Okja: The Streaming Summer Blockbuster of 2017

Photo Credit: Netflix

Okja: The Streaming Summer Blockbuster of 2017

Looking for the summer’s best blockbuster? Then get some popcorn, sit on your comfiest couch, and fire up Netflix, because the most satisfying action film of the year can be streamed directly into your living room. Okja, the latest film from South Korean master Bong Joon-Ho (Snowpiercer), is a total crowd-pleaser, as well-written as it is exciting and surprising. A combination of Gremlins, The Iron Giant, and Godzilla, there is something for everyone here and, if there is any justice in the cinematic world, Okja will become an action movie staple for years to come.

In a fictionalized version of 2007, a group of farmers from around the world are selected by the mysterious Mirando Corporation to raise “super pigs” for ten years, with the promise that the biggest pig will receive international fame at a celebration in New York before the company launches a line of organic, GMO-free meat. But there’s just one problem: the winning “super pig”, Okja, has forged a strong bond with her farmer’s daughter, and neither pet nor human have any intention of going on without the other.

So, in 2017, as Mirando Corp. plans on launching their hotly anticipated new line of pork products, Okja’s 14-year-old owner Mija goes on an adventure to save her pet. Things become complicated quickly: not only is Mirando Corp.’s leader (Tilda Swinton) deadest on launching her product line without a problem, but a bumbling group of animal activists  (Paul Dano, Steven Yuen, Lily Collins) consistently cause problems for both Mija and Mirando.

Any fan of Snowpiercer can attest to Bong Joon-Ho’s skills as a brilliant director of action, and his abilities remain firmly on display in Okja. One stunning sequence begins as a small-scale foot chase but slowly evolves into a massive car chase moving through the streets of Seoul, with more parties being introduced at just the right moment to appropriately raise the stakes. Other moments are much more serious, with the film’s final set piece pulling the audience to the edge of their seat with gut-churning anticipation.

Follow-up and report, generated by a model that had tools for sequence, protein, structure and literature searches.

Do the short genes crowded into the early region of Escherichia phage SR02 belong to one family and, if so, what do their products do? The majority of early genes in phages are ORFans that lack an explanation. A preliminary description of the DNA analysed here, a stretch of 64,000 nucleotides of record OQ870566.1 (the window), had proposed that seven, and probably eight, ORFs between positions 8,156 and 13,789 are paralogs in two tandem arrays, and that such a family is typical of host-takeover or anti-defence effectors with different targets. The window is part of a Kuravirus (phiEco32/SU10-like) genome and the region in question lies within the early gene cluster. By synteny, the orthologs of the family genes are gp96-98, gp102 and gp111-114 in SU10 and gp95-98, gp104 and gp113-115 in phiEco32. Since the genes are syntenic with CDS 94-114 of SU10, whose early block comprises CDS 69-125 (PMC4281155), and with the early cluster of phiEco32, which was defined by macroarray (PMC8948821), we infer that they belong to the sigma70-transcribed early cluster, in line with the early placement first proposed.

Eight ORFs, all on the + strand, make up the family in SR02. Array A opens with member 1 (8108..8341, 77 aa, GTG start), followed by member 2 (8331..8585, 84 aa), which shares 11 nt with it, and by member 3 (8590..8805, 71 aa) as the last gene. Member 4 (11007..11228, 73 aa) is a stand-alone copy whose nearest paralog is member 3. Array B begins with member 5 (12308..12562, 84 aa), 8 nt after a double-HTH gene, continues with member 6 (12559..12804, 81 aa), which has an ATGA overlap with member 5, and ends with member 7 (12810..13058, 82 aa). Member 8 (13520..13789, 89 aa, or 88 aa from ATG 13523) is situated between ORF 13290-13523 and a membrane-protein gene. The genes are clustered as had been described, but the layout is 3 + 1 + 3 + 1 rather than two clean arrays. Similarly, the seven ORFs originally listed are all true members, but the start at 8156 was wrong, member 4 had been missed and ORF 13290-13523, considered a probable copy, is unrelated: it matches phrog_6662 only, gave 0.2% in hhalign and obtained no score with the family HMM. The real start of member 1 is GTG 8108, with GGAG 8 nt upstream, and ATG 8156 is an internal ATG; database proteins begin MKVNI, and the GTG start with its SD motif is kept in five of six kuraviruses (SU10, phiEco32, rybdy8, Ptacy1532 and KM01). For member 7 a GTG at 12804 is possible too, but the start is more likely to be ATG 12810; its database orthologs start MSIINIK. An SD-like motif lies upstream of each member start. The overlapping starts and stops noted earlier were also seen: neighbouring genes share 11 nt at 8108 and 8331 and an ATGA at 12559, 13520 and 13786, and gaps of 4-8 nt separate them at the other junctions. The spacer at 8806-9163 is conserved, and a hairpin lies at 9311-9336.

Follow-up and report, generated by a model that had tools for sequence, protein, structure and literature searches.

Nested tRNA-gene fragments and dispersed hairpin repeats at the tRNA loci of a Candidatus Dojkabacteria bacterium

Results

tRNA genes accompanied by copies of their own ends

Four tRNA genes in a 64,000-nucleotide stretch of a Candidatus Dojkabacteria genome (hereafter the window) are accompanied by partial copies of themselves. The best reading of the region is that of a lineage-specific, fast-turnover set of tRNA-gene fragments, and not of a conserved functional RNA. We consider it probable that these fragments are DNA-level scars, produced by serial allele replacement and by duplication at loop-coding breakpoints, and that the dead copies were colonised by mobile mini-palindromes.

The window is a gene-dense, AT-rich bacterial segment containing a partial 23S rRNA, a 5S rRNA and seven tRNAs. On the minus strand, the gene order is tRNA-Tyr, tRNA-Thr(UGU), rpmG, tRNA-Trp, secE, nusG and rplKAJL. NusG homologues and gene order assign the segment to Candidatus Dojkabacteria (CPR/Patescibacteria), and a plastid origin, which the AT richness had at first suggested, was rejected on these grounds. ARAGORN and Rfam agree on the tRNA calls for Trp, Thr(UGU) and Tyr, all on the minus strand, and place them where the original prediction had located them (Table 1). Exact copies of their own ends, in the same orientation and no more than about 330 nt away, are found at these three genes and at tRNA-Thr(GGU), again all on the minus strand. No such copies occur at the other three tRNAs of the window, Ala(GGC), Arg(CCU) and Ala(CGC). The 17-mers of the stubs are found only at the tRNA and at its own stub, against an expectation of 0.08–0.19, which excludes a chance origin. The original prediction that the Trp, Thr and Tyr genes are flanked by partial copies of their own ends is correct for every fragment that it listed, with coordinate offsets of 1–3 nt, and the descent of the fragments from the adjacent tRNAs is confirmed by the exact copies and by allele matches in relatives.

But Bong Joon-Ho deserves praise for more than just the way he stages action; with Okja, he brings a sense of excitement and energy to even the dialogue driven portions. Many scenes take on an old-school slapstick tone, while one sequence driven entirely by subtitled dialogue is just as suspenseful as the car chase that preceded it. There isn’t a dull moment in this film, and Bong Joon-Ho is to thank for that.

The international ensemble cast, however, also does some of the heavy lifting. Thirteen-year-old Ahn Seo-Hyun makes her character, Mija, an empathetic vessel for the audience into this universe, while also bringing a sense of agency and intensity to her young heroine. Meanwhile, as the loose-cannon animal activists, Dano, Yeun, and Collins find the perfect balance between “cool badasses” and “bumbling idiots” for their often-hilarious characters. Tilda Swinton is also, expectedly, terrific, while Jake Gyllenhaal gives an off-the-wall comedic performance that is bound to divide audiences but shows the actor’s willingness to break out of his Hollywood sex-symbol mold and add unique roles to his repertoire. The best performance, however, is a computer-generated one.

While Okja might not look as polished as the CGI creations in, say, a Marvel movie, the way the “super-pig” (which looks more like a hippo, with the face and energy of a puppy) interacts with her environment is stunning. Furthermore, this animated character will quickly burrow her way into the heart of even the coldest viewer, allowing the emotional beats in the film’s final half hour to land.

Some will certainly find Okja one of the more intellectually stimulating action films of the past few years, as it explores the ethics of the food industry, as well as the problem with well intentioned but poorly planned activism. But while the film is undeniably political at times, it never quite reaches the same levels of social satire as Bong Joon-Ho’s last film, Snowpiercer. And that’s fine – Okja works entirely on its own, as both an action movie and a heartwarming tale of a girl and her pet. While the film is a bit edgy (Netflix doesn’t rate their movies, but Okja would definitely get a PG-13, if not an R), it’s not difficult to imagine a world where families enjoy Okja together. There truly is something here for everyone, with beautifully shot action scenes and genuinely emotional moments.

Don’t just scroll past this one when you’re looking for your next nightly Netflix binge – Okja is guaranteed to please.

Overall rating: 10 out of 10